The following information is from previous KRAI.COM  stories that have been updated

Outdoor activities are at their peak over the Labor Day Weekend – which can coincide with wildfire season in the Rocky Mountain Area. To keep the good times going this weekend, keep the following tips in mind:

Stage 1 Fire Restrictions are in effect in Rio Blanco County and Bureau of Land Management public lands within the Rio Blanco and Moffat Counties. Campfires are allowed in established camp sites in established fire rings.  When traveling, find out if there are fire restrictions in effect where you plan to visit and prepare accordingly.

– Smoke in cleared areas and dispose of cigarettes properly
– Consider bringing a camp stove for your camping trip or picnic.
– Leave the fireworks at home. Possession or use of fireworks on public lands is prohibited.
– Don’t park your vehicle in dry weeds or tall grass. The hot catalytic converter on your car can start a fire in a very short time.
– Make sure your ATV (dirt bike, 4-wheeler, 3-wheeler) has an approved spark arrester and current state registration.
– Bring a water container and shovel so you can make sure your campfire is completely extinguished before you leave. Smother campfire with water and dirt and stir embers until they are cool to the touch.
– Leaving a campfire unattended is a finable offense.

  • Scrape dead grass and other flammable materials away from campfire sites.
  • Keep campfires small and under control.
  • Keep a shovel and a water container nearby to douse escaped embers.
  • Put campfires dead out before leaving your campsite or going to sleep; this requires adding water and stirring hot coals until they are cool to the touch.
  • Do not park vehicles in tall dry grass, since hot tailpipes can cause fine fuels to catch on fire.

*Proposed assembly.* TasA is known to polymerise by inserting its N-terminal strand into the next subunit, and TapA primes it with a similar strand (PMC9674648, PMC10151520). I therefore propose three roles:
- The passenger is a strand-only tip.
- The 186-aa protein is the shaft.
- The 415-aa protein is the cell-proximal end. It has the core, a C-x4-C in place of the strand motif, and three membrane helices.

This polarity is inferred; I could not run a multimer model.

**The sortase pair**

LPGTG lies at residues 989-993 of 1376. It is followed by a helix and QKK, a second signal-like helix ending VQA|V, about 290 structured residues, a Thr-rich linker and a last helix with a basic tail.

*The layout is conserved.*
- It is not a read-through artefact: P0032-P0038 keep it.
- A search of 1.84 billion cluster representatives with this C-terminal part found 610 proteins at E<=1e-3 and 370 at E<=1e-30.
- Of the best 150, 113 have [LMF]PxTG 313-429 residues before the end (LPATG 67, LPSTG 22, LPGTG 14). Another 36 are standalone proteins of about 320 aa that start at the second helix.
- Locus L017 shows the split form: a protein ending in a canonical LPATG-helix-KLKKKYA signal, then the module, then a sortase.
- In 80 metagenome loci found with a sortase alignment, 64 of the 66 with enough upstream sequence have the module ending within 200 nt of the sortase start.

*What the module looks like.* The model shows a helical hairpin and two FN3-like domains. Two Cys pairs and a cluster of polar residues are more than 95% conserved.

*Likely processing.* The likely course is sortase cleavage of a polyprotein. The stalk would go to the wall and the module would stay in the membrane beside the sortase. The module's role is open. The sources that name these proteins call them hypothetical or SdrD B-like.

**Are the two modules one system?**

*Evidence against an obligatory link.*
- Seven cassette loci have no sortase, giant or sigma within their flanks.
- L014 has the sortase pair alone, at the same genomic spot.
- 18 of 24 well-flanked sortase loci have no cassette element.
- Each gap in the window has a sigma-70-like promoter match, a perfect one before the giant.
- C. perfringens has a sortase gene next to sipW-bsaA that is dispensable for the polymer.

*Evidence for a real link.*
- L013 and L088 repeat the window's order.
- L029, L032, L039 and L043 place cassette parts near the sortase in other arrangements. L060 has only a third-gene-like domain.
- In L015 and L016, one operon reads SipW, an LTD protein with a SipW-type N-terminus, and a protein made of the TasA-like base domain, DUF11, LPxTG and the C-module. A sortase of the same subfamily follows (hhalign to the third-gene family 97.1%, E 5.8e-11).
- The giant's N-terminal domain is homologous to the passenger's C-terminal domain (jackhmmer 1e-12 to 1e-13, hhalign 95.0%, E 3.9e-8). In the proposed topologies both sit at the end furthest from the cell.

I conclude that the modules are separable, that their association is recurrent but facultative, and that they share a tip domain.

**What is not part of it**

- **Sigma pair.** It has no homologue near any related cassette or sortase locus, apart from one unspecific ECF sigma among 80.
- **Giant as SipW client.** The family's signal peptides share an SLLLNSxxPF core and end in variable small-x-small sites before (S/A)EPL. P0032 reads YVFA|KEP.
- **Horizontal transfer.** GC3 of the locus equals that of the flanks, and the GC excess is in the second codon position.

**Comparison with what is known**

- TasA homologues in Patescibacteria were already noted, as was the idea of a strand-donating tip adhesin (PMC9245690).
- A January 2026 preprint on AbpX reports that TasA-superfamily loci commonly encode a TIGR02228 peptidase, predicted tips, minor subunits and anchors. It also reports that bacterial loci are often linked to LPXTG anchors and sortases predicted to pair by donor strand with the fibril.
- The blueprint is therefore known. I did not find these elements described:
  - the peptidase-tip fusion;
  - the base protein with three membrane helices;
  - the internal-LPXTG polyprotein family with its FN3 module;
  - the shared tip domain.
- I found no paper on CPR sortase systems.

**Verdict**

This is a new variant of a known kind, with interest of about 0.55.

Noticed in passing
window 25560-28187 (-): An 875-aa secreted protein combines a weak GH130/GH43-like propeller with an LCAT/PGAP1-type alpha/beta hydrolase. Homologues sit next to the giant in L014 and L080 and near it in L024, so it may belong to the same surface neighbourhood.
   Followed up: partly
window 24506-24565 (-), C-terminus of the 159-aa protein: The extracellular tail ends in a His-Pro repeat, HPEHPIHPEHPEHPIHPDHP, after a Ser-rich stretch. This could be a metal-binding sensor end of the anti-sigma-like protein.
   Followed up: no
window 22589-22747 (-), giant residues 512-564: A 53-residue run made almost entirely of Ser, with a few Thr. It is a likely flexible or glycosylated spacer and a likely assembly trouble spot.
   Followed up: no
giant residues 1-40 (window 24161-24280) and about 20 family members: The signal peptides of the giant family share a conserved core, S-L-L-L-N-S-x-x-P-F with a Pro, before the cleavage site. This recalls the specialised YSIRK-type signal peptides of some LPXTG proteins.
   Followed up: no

• Do not use fireworks as they are strictly prohibited on federal lands.
  • Remember that any ignition – cigarettes, campfires, gunfire, vehicles – could cause a wildland fire, under the right conditions.

 Leading up to the Labor Day Weekend, minor changes to fire restrictions in unincorporated Moffat County are now in effect. The changes now allow small charcoal fires….and wood burning fires in contained stoves….and campfires in established fire rings. Now acceptable with a permit from the Moffat County Sheriff’s Office will be charcoal pits used for large cookouts. Permits for using welding torches are no longer required. Be aware that all other restrictions in unincorporated Moffat County including prohibitions on bonfires and open trash burning remain in effect. Note the restrictions specific to Dinosaur National Monument in the story below.

Dinosaur National Monument Reduces Fire Restrictions.  Superintendent Mary Risser announced that fire restrictions within Dinosaur National Monument have been reduced from Stage II to Stage I. The cooler weather and increased moisture have lessened the fire danger somewhat, but not to the point that all restrictions can be lifted.  To protect visitors and park staff in Dinosaur National Monument and the natural and cultural resources, open fire restrictions remain in place.  Building or using any open fire, campfire, or charcoal fire except within National Park Service-provided fire grates at developed campgrounds located at Green River, Split Mountain, Rainbow Park, Echo Park, Gates of Lodore and Deerlodge Park is prohibited. Charcoal fires or the use of charcoal in grills along the Harpers Corner Road and at Plug Hat Butte Picnic Area are still prohibited at this time due to the dry and windy conditions in this area. Stoves that use pressurized gas or liquid fuel are permitted. All backcountry camp fires are prohibited, including along the Green and Yampa Rivers. This includes building any type of fire in a fire pan.  Smoking is permitted only in enclosed vehicles, developed recreation site, or in areas cleared of all flammable material. Fireworks are strictly prohibited in Dinosaur National Monument.  These restrictions will remain in effect until such time as the fire danger in the park becomes less severe .